at least i know he would do right by the military. and if hillary gets the dem nod, he’ll be my new bestest bud. hillary and bush are like two sides of the same coin. if you want to give the status quo another eight more years, vote clinton.

    Posted by: diogenes at February 19, 2008 9:16 AM
    Comment #245709

    Veritas-
    I think that may be true for some, but I think it’s got too much fictional content involved (like the madrassa education and supposed Islamic religion) to be some mere reaction to the name on the part of the sources of these talking points. It points to a deliberate attempt to use the fear of terrorists and the racist hatred of Arabs and Muslims to neutralize what they see as a political threat.

    Where I think they could go wrong on this is that Barack Obama quite familiar, and quite middle American in mannerism and speech. He doesn’t fit the stereotypes they’re trying to box him in with. The bigotry could really backfire, and serve to sour people on the folks employing it. The question is whether it’s allowed to be presented unchallenged. It becomes even worse for them if they’re presenting this bigotry not from self-assured confidence, but from nervous desperation.

    Posted by: Stephen Daugherty at February 19, 2008 11:14 AM
    Comment #245713
    Stephen Daugherty wrote: d.a.n- Anybody who promises tax cuts or a lack of raised taxes in a time of huge structural deficits is selling a bill of goods.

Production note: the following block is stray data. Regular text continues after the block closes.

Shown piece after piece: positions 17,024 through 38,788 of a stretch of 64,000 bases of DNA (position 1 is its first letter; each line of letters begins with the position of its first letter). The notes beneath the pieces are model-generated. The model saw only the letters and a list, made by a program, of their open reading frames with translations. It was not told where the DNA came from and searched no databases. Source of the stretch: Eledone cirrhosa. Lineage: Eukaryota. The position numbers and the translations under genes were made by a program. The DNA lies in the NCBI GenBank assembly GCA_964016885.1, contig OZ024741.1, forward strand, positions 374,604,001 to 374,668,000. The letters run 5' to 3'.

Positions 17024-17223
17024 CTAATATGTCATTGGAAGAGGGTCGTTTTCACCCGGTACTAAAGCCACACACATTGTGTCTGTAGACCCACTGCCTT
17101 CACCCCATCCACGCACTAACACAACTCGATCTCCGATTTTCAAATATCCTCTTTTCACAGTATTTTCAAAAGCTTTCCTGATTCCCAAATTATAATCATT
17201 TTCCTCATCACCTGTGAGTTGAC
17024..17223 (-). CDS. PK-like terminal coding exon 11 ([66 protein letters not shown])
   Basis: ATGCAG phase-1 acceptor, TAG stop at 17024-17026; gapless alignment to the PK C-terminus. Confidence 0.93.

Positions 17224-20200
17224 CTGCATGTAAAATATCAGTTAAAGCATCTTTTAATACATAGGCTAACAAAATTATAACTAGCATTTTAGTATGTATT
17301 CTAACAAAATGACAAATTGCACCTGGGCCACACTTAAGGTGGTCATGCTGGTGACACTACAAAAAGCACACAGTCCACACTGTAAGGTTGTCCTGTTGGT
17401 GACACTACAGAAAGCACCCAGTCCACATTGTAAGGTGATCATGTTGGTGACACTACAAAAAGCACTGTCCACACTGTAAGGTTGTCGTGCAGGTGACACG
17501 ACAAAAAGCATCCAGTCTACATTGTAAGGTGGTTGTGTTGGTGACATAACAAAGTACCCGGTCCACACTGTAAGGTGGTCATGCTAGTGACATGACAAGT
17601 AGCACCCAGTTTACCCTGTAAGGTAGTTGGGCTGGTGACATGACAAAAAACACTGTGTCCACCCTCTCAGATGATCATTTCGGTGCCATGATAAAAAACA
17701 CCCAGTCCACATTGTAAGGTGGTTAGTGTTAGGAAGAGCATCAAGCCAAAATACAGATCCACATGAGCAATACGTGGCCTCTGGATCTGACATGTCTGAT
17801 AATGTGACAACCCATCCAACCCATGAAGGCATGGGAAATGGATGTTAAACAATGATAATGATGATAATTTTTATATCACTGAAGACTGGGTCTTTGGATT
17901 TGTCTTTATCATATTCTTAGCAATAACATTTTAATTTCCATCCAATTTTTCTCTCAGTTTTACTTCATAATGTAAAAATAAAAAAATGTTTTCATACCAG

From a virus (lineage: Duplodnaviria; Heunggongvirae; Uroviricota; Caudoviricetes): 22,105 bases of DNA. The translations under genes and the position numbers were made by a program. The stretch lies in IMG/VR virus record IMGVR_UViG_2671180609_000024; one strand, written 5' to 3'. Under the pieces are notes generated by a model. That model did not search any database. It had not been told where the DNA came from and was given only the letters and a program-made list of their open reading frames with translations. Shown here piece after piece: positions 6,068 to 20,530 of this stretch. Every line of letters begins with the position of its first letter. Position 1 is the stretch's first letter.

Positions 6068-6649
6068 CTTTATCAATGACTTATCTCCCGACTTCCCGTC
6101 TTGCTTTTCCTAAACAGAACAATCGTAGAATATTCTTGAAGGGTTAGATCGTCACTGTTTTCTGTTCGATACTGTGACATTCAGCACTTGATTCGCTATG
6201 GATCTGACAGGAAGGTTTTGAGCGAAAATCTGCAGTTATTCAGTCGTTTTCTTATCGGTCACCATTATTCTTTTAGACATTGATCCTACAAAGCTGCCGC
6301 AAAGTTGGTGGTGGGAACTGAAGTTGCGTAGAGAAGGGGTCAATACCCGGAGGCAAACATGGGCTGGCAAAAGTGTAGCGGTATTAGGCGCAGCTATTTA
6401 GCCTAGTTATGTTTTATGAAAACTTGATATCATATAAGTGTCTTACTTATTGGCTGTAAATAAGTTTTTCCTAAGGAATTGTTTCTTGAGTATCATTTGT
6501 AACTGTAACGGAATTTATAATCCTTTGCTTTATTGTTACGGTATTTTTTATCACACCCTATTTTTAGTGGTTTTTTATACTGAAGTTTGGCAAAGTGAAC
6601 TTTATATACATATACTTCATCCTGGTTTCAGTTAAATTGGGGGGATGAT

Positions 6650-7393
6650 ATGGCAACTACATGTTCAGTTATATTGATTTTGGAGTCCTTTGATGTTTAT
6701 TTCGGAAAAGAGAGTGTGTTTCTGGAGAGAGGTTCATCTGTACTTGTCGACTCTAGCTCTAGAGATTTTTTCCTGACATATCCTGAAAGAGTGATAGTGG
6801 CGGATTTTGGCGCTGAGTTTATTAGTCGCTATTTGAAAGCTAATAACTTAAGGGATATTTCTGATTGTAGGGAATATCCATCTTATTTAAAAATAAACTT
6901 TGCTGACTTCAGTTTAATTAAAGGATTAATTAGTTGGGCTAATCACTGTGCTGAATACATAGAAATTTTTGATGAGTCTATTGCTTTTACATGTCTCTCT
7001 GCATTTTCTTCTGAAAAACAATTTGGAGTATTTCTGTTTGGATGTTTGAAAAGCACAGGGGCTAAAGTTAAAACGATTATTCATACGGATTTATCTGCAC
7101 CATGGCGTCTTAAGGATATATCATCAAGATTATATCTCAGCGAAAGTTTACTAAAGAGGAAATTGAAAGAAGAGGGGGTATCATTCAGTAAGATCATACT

“tax cuts” ?

    Is this reply based on the comment about “Mr. Read My Lips [, no new taxes]” giving McCain an endorsement?
    You’ll get no argument from me about false promises.

    I’m not interested in tax cuts (if any), but fair taxation first, because the current tax system is unfair and REGRESSIVE.
    At the very least, it should be NEUTRAL.
    But as you know, I prefer a tax system that is PROGRESSIVE-to-NEUTRAL (progressive at the low-income-level, and approaches a neutral 17% at the highest income levels), and a tax system that can still raise sufficient revenues (e.g. about $2.4 Trillion).
    But the current tax system is severely REGRESSIVE because Warren Buffet paid 17.7% income tax on $46 million (in 2006), while his secretary paid 30% income tax on $60K.
    Also, there is a lot of pork-barrel (one-simple-idea.com/Links1.htm), graft, corporate welfare, subsidies for the wealthy, and waste (hundreds of billions) that must be stopped.

    Stephen Daugherty wrote: For me, it’s as simple as this: balance the books. Does it take a tax hike? Do it.
    Just raising taxes alone will make things worse.